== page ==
After the months of brutality that my father endured at Kamp Amersfoort, he spent the next eight months in the AEL slave labor camp near the municipality of Offingen, Bavaria (Bayern), Germany. Conditions and treatment of the prisoners at this confinement were horrible.

Of the eighty-some prisoners in his unit of this camp, with whom he labored for months, laying railroad tracks in the Bavarian hills, more than half perished from starvation, exposure and dehydration. Prisoners were seldom fed, anymore. They tried to hydrate themselves, with water that trickled from a rusty old faucet in the camp.

Winter mornings in Bavaria were bitterly cold, often well below freezing. My dad recalled Christmas morning, when the prisoners were made to strip down for roll call, then stand naked in the frozen prison yard. On occasions like this, roll call was made to last from 7 a.m. until noon. By noon, a number of prisoners had died from exposure. They literally dropped to the ground and froze to death. My dad realized, that if he did not escape this place, he would surely succumb to the elements.

As part of their slave labor pay, the prisoners were given a stamped postcard to send home, despite the fact that there was no mail service from the camps in 1944. But, my dad did, like he did with everything he earned in life, saved his postcard for future use.

On Sunday, January 21, 1945, my father managed to escape the camp. The first thing he did, shortly after his escape, was write his postcard and put in the mail to his family in Holland. This is the card translated from Dutch:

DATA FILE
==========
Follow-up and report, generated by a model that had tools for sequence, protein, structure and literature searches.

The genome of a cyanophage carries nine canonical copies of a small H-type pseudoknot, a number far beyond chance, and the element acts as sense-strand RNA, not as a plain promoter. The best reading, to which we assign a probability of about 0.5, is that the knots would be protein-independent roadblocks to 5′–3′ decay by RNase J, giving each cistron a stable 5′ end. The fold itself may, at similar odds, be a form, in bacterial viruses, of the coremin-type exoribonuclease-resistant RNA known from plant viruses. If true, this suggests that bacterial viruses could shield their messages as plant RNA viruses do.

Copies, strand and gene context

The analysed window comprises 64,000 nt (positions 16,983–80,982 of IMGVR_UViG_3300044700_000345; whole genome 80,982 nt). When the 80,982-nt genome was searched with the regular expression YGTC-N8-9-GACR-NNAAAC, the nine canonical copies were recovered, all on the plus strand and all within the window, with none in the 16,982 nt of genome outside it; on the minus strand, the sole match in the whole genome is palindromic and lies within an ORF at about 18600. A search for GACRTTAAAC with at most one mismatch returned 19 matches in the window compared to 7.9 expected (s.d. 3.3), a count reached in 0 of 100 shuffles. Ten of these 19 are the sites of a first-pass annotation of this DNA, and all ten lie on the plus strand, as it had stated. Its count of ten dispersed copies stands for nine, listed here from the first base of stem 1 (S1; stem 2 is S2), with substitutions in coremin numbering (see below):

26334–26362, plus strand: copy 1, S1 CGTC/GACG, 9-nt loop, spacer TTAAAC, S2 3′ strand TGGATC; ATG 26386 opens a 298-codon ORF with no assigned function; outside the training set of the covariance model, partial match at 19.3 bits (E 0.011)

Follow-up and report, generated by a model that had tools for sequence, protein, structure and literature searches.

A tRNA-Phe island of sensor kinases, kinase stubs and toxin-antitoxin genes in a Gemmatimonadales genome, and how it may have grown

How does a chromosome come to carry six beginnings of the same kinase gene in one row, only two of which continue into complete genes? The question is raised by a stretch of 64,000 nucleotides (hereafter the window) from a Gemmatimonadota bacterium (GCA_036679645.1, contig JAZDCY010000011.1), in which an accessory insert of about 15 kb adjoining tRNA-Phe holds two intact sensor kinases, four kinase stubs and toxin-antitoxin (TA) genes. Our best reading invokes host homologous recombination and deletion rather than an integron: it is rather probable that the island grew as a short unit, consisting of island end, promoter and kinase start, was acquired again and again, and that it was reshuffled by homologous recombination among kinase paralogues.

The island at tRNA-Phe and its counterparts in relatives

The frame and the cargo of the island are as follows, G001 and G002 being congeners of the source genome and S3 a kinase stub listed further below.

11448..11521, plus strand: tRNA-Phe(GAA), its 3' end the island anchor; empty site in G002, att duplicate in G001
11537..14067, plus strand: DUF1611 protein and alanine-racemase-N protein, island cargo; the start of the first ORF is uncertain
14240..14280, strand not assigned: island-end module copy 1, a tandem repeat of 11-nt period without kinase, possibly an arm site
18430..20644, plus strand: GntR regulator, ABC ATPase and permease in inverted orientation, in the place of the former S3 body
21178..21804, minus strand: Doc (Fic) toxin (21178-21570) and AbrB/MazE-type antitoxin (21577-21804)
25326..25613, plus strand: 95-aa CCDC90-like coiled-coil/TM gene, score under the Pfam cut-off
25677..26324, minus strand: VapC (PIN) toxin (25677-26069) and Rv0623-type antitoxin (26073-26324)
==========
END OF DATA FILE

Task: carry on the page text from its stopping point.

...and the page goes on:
Dear parents, brothers, sister and brother in law,

I do not know if this card, will ever reach you. Nevertheless, I want to try it. How are you? I still have not heard anything from you and that is already since I was picked up in May, 1944. The packages have never been handed to me, as I was in prison at that time, but now I am a free man again. Taking into account the circumstances I am doing well. Many things have happened, for which I cannot find the words. Luckily Providence saved me up till now. Thinking of home. What was that always such a good time and badly appreciated. Dear people, I have to finish now. Please try to get contact. Greetings from Jogchem

Initially, his intention was to head west, to the advancing Allies. That’s all he knew, to head west, over the snowy hills that surrounded Offingen. He even looked to the sky, to see if any of the Allied airplanes that flew over the camp the night he escaped were anywhere in sight. But there was nothing but snow blowing down from the sky.

Regrettably, his much anticipated freedom was miserable and short-lived. He wandered the snowy back streets of Offingen, tired, cold, emaciated and very hungry. One morning he came upon a farmhouse. In desperation, he asked the farmer who lived there if he might spare him a bite to eat in return for work. The farmer obliged and welcomed my dad into his warm kitchen. In the meantime, the farmer's wife went into another room, got on the telephone and notified the police of their new guest. Before my dad could sit down to have his first bite to eat, the police arrived at the farmhouse, and took him into custody. The farmer said nothing, but my dad could see from the helpless expression on his tired, middle-aged face, that he felt bad that he wasn’t able to feed his starving guest.

My dad was summarily rearrested, and returned to the dreadful labor camp. There, the guards asked him, "So you were hungry?", as they laughed, and tossed bread coated with human feces at him, and forced him to eat it. One week later, on February 1, 1945, my dad would turn 23.

Van der Hout lives in Southeast Portland.